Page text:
Billing FAQ:


How do I pay my bill?

The District accepts payment by E-Transfers or by check. For more information, see our Bill Payment Options page.

Why can't I receive my bills electronically? Why can't I pay my bill online or by credit card?

We are a small water district that bills about 232 customers every 2 months. The tools that allow you to see your bills electronically, receive them by email, pay your bill online or by credit card all cost several hundred dollars per month. We have received feedback from customers that it's important for us to keep our costs as low as possible. We do check periodically to see if there is a new tool on the market that is cost effective for a small district such as ours and offers much of the functionality that we know you would like.

How could I have used this much water?

You may not have - the numbers on your meter may have been transposed or hard to read. You could possibly have a leaky toilet or faucet that's difficult to detect or perhaps a broken water line.  Simply call the office and we'll work with you to solve the problem.


Why do I have a previous balance when I know I sent in my payment?

We may have received it after the due date or we may not have received it at all. Call our office and we will help you figure it out.

Rates FAQ:


Why was I not notified in advance of water tolls or annual taxes going up?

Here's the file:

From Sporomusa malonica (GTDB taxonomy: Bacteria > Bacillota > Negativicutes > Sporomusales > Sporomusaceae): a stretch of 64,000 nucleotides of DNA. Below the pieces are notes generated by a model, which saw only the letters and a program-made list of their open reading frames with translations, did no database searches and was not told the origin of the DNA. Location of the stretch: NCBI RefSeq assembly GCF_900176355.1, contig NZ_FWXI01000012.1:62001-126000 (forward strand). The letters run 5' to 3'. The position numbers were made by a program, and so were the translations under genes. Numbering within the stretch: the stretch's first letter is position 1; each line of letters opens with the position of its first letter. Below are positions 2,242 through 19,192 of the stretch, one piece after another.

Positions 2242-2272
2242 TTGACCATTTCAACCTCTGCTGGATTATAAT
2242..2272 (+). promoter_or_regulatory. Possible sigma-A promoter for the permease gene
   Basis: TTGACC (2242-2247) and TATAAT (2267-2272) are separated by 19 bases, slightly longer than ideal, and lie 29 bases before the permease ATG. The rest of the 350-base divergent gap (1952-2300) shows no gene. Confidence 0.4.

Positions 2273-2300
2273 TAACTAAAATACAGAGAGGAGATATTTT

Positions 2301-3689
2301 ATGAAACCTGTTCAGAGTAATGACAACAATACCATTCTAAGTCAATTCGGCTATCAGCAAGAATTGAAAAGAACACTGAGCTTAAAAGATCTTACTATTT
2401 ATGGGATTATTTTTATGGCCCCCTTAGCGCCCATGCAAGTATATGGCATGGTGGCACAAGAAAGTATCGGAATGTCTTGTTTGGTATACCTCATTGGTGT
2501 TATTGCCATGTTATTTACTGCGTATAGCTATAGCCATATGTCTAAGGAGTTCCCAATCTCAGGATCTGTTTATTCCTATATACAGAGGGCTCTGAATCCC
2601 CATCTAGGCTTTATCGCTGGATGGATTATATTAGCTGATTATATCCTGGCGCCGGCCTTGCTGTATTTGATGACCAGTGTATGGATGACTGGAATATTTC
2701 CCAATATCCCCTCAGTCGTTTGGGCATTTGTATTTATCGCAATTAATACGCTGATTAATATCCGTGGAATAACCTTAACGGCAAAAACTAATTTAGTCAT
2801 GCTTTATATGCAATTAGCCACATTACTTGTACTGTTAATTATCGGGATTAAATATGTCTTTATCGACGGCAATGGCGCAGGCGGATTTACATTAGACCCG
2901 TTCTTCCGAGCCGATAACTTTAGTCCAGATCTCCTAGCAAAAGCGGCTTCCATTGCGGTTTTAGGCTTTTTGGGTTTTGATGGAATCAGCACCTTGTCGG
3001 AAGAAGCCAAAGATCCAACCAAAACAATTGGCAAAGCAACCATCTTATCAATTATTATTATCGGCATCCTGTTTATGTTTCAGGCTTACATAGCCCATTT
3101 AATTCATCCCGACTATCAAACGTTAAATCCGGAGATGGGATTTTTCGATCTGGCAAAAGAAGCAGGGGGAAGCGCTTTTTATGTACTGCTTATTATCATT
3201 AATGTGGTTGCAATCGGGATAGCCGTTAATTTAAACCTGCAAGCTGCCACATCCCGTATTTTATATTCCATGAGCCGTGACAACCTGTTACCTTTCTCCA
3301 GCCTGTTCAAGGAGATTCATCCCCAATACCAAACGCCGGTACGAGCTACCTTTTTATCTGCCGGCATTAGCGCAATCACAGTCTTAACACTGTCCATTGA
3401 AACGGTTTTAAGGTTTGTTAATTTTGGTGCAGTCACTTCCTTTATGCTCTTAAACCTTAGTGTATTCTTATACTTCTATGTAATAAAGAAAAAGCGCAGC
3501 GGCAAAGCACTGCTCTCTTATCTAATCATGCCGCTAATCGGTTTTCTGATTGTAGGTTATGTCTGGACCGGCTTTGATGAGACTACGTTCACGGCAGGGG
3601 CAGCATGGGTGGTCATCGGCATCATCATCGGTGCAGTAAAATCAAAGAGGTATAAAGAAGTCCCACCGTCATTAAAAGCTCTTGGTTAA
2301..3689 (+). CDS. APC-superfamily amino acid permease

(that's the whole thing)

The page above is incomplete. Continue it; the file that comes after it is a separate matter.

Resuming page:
Utilities generally do not notify their customers of rate changes in advance. We review rates as part of our annual budgeting process and adjust as required. The current rate is available on our website.

Is it considered acceptable that residents with fixed low incomes (ie. people w/disabilities, pensioners) and families with two or more children on low-income support, could be impacted financially more (for some impoverished) by the rise in the KLWD tax

Improvement districts are incorporated public local bodies governed by a board of elected trustees. Trustees are expected to act in the best interest of the community and strive to govern in the best interests of the residents. Every ratepayer in the District has been impacted financially by the increase in taxes and tolls. To say whether this is considered acceptable or not is outside of the purview of the role of a Trustee.